It’s pretty much been a bit of a love/hate relationship with the universe’s various films since, and whilst I would initially enjoy stuff that did something different like The Winter Soldier, the appeal would always fade over time when I inevitably rewatch these movies and realize it was only different by Marvel’s increasingly low standards and not when you compare it to the non-Marvel spy thrillers. But Ant-Man was the real killer. Good god did I hate that film. Paul Rudd’s character was nothing but Tiger from Tiger & Bunny with all the character flaws and relationship with his daughter stripped away, the heist plot was unimaginative, and the villain…man I don’t even remember his name or who his actor was. He was so goddamn boring with his motive to sell weapons and the fact that he amounted to nothing more than a random thug who just put on the suit. It was at that point that everything I previously liked about Marvel was shattered due to my frustration with how these films never shake things up after eight fucking years reaching its boiling point and, well, Civil War was the next film so what do you think happened?
But of course, I still haven’t given you guys the reason I continue to watch the MCU despite all that. After all, I don’t even like this non-standalone nature stuff when it’s done on TV, so why would I like it in movies? None of my favorite anime series have more than a quarter of pure build-up (and I’m usually not that generous). And it’s not like I don’t have alternatives when it comes to good superhero stuff, even if I’m not a comic book nerd. I generally like the Batman movies and there quite a few superhero anime that I enjoy. I even kinda like My Hero Academia despite it not breaking new ground (and the fact that it’s more a shonen action anime – another genre I’m not too fond of – than what we expect from superhero stuff) because of Deku’s earnestness and how he struggles to become a hero compared to his classmates. And Marvel-wise, I like the Netflix stuff and the first two Blade films, so it’s not like I’m lacking when it comes to stuff from that particular company either. In fact, it’s because I like all those things that I dislike the MCU, because they do the superhero thing so much better and seeing Civil War after watching something along the lines of Tiger and Bunny is such a huge step down.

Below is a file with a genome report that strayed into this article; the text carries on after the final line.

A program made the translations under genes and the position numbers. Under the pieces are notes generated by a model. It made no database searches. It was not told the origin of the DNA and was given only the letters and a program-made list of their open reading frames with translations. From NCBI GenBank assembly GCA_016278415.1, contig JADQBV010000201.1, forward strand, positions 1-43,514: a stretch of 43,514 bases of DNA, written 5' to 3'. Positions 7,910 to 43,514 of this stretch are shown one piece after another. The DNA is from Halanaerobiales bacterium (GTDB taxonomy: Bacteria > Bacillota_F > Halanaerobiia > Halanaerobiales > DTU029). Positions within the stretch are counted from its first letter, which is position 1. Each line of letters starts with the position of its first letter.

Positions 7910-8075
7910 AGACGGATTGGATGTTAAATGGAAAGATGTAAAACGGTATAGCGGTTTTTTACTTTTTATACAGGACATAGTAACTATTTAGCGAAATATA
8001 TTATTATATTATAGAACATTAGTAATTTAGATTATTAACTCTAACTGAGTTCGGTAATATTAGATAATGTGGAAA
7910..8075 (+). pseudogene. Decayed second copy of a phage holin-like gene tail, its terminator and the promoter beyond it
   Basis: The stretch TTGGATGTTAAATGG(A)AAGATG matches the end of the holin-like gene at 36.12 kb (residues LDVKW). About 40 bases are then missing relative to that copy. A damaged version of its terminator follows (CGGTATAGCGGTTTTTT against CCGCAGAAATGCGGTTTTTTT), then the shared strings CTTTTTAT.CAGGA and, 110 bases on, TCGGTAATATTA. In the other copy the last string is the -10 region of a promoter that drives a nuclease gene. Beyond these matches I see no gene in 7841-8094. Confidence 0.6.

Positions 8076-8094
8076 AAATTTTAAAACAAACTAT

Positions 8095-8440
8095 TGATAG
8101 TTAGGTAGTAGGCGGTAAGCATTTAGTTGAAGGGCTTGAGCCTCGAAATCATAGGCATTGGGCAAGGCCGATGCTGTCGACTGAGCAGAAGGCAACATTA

There are two big reasons. One is that my family is so big into the thing that I couldn’t escape even if I wanted to. The second aka the more personal one is that they’re pretty much the Western equivalent of watching anime – or to be more precise, the worst aspects of anime. And there’s just something about having a Western equivalent to my main hobby that’s really comforting, mostly because when my friends ask me why I dislike what they do, I can point at these films and go “because it’s worse than this shit!”. It’s actually really funny how almost none of my anime colleagues keep up with the MCU the way I do because of the very thing I can say about the anime they like, only with superheroes. “I can forgive a weak story because I like the character so much”. “I want to see this character in her own solo film/series”. “Best girl”. These are the exact same defenses I’ve seen for stuff like 90% of what gets popular in anime, and yet for some reason when your story has a guy in a silly costume and his name isn’t Zero, somehow it’s not okay. You never see me saying that shit for my preferred genres, if only because I have one preferred genre and it’s called “good”.